PORTLAND, Maine — The protesters outside Portland’s Planned Parenthood clinic weren’t screaming Friday morning, but not because of a court order.
It was the first of the regularly scheduled anti-abortion demonstrations since a federal judge ruled that police may again enforce Maine’s noise ordinance against protesters outside the women’s health center. And the activists kept their admonitions to a low shout despite the decision not yet being in effect.
On Tuesday, the 1st U.S. Circuit Court of Appeals overturned a lower court ruling, finding that police can enforce the noise section of the Maine Civil Rights Act against the protesters because, as written, the law is message neutral.
The ruling is the latest step in a legal drama that started in 2015 and could now be appealed to the U.S. Supreme Court, the issue at hand being whether or not the First Amendment gives protesters the right to scream epithets such as “Murderer!” and “Whore!” at patients entering the clinic, of course, in the name of Jesus.
The American Civil Liberties Union has filed a lawsuit against Maine Governor Paul LePage over his practice of deleting comments and blocking people from his official Facebook page in order to censor dissent. The ACLU says, “Free speech must be protected from government censorship on Facebook just as is it in any other public forum.”
The Legislature is back in Augusta on Wednesday for what’s set to be the last official day of the 2017 session.
They’re mostly back to vote on overriding 27 vetoes from Gov. Paul LePage, including bills that would set long-term solar policy, increase Maine’s tobacco-buying age to 21 and prohibit handheld cellphone use while driving.
U.S. Rep. Bruce Poliquin won praise from the environmental community Tuesday when he announced his opposition to a bill that seeks to delay the implementation of stricter ozone standards.
The Ozone Standards Implementation Act of 2017, which passed 229-199 Tuesday evening with Poliquin and 10 other Republicans against it, is similar to a nearly identical measure that Poliquin and 9 other House Republicans opposed in 2016. The bill passed 234-177 in the House in 2016 but went on to fail in the Senate, where this year’s bill is now headed.
The 2017 act, which has been dubbed the Smoggy Skies Act by its opponents, would delay new ozone standards developed in 2008 and 2015 for the National Ambient Air Quality Standards and loosen review standards for a variety of air pollutants. It would also change criteria for pollution determinations from being based on protecting public health to consideration of “technological feasibility.”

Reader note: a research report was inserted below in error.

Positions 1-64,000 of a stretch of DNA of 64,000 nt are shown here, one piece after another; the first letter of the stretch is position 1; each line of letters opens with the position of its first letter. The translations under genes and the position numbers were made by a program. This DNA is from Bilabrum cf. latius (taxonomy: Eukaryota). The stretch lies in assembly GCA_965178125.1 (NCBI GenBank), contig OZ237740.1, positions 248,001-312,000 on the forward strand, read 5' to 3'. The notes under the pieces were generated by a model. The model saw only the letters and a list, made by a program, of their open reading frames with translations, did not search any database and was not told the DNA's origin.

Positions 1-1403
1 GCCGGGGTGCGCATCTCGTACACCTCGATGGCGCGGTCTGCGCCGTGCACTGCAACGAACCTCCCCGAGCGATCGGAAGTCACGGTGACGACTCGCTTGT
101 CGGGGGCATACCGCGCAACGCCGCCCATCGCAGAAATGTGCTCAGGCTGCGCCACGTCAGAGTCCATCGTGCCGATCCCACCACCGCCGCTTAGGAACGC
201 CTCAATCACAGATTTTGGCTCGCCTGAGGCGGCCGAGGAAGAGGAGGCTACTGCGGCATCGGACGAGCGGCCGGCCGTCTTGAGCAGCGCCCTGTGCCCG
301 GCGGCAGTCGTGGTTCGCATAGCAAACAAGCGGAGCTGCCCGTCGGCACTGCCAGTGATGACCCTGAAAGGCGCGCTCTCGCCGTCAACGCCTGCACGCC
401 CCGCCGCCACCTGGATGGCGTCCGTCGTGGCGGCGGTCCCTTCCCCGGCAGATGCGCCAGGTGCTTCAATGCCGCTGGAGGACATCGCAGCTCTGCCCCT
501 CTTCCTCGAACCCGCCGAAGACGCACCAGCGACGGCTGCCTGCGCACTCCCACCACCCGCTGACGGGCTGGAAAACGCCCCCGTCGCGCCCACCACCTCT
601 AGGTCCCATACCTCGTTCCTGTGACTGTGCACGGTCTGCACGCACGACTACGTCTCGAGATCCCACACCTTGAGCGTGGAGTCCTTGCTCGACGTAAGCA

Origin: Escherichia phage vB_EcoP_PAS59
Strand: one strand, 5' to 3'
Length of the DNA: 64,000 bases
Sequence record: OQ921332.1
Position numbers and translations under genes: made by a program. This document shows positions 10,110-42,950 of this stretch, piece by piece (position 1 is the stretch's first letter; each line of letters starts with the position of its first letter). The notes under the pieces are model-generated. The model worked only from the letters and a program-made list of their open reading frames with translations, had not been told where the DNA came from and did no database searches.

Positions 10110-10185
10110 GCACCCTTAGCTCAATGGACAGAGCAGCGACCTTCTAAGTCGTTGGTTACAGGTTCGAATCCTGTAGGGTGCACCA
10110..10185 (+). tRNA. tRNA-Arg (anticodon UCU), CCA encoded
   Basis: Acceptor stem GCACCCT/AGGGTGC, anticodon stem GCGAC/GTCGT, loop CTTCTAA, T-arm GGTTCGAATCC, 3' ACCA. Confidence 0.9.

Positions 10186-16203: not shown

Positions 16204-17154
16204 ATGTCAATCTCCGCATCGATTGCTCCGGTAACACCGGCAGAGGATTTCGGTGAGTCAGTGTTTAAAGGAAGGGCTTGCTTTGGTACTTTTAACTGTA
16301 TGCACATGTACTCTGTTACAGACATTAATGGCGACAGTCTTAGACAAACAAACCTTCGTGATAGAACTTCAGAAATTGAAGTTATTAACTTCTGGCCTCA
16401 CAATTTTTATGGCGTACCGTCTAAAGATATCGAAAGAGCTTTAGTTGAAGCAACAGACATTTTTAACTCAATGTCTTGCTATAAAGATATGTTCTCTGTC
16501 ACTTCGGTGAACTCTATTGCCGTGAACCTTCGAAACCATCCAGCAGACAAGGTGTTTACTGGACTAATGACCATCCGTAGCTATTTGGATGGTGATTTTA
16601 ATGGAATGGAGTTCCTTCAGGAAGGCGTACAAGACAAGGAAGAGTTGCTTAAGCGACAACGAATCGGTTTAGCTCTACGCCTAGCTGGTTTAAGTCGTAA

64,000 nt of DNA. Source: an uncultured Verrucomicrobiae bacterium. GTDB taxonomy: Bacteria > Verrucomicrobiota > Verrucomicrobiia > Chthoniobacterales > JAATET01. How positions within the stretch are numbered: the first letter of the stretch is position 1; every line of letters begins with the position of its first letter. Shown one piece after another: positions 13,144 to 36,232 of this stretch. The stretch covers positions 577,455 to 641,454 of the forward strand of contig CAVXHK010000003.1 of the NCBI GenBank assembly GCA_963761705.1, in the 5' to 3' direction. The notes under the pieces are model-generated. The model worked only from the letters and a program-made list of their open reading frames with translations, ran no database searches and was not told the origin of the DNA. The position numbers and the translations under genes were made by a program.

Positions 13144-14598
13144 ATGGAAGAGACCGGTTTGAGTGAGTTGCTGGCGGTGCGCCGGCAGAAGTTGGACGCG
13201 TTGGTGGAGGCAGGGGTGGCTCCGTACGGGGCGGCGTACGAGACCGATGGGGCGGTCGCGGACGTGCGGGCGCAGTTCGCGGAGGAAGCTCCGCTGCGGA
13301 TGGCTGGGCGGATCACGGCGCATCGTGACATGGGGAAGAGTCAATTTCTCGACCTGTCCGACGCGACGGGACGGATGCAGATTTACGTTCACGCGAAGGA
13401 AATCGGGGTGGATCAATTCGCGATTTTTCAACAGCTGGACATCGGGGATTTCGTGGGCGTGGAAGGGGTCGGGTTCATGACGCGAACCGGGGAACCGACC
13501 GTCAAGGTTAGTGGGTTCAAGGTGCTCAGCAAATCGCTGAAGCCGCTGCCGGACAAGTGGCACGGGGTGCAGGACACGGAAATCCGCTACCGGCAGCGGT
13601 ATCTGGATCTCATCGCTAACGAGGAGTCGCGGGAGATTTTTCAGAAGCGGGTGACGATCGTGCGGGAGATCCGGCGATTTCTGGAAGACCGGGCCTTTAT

Poliquin said it goes too hard against important air quality standards.
“I believe that Narcan will save lives. However, if you allow it to go 12, 13, 14, 15 times with the shots, the odds are against you,” the governor said Tuesday. “We have to say when we give you a shot: ‘You have to go to rehab or pay for it.’”
The governor’s comments at a Bangor forum on substance abuse came after he last year vetoed a bill, which has since become law, to allow pharmacists to dispense to medicine without a prescription. At that time, LePage said, “Naloxone does not truly save lives; it merely extends them until the next overdose.”
His press secretary said Wednesday that both of LePage’s statements are true.
“The governor has said the initial shot will save lives,” Adrienne Bennett said. “And he also believes that if someone is administered multiple shots it is a false security.”
This year LePage sponsored two drug-related bills that failed, one that would have forced towns to charge people revived more than once by an opiate overdose antidote and another that would essentially treat alcohol and drug use by pregnant women as child abuse.
Penobscot County Sheriff Troy Morton, who was on a panel of local law enforcement officers who spoke just before LePage arrived, said faith-based recovery programs at the county jail do seem to work.
“It’s better than any medication,” Morton said.
When a church member asked what his small congregation could do, the sheriff suggested a simple solution:
“Open the doors. The biggest problem is the stigma. We have to realize this is a social problem that affects us all.”
WHY DON’T WE JUST LEGALIZE FUCKING IBOGAINE? (because, the cost of addiction is someone’s profit. Yay Amerika!)